Tuesday 5 January 2010

And they're off ....

What a terribly interesting start to the run-in to the General Election; many wee points have poked their wee heads up for a spot of attention, and here's a wee selection of the wee points with their wee heads:

1. More people in Scotland think that the SNP will win the UK General Election than think that the Lib Dems will, according to the Conservatives' poll of their target seats (question 2, page 3).

2. The Labour Party is bankrupt. Financially as well.

3. Brown and Cameron invited Nick Clegg to make himself irrelevant in the election and he obliged.

4. Cameron nipped in and nicked the initiative on health proposals (for England), leaving Labour without its favourite flag to wave.

5. Darling's attack on Cameron fell flat because the UK Government is simply not credible any more and resulted in Civil Servants complaining that Labour was abusing the power of Government.

6. Cameron showed an uncertainty in the first forays, something he'll have to recover from.

7. There's an enormous fiscal deficit which has restricted Labour's opportunities for manoeuvre, forcing them to fight out in the open for a change.

8. Gordon Brown's official spokesman has gone off-piste in media briefings.

9. Peter Mandelson has put the boot into the 'toffs' strategy that Brown has been pursuing, saying that Labour can't win if it continues as it has been doing. He later clarified that he was merely stating the obvious when he said that Labour couldn't win with a 'heartlands strategy', but his words in the original interview were quite clear - "We have to reach out to" rather than "We are reaching out to".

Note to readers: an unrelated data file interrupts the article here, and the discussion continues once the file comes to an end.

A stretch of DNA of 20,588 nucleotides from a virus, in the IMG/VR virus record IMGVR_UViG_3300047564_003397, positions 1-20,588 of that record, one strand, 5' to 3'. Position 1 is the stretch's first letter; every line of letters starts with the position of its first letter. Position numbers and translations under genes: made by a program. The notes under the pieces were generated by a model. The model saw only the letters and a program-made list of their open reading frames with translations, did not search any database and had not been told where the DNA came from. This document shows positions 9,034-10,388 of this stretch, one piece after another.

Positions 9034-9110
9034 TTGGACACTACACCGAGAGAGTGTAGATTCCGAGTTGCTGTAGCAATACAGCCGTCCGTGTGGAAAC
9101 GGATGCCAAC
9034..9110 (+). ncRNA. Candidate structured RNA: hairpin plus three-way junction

10. Now there are rumours (yet again) of a Labour leadership contest. A departing back-bencher has already voiced the dread thought (well, typed it, anyway), and some media outlets are beginning to write 'the long goodbye' stories already, scribing the downfall and speculate on future leadership contenders.

11. A wee analysis of opinion movement in the run-up to elections shows that the Conservatives pick up ground on Labour in the last months (the author of the analysis over at Political betting is a chap called Andy Cooke).

12. It turns out that the SNP spent £126,000 on the European election in June while Labour spent £228,000 but we still beat them by 321,007 votes to 229,853 votes. If we can beat Labour while they are still outspending us then politics has truly changed in Scotland and none of the old verities can be relied upon any more.

So there you have it - Labour in utter disarray, Lib Dems ruling themselves out of contention, Conservatives having a few wee stabiliser problems, and the SNP sailing serenely on. This is going to be a very interesting election!

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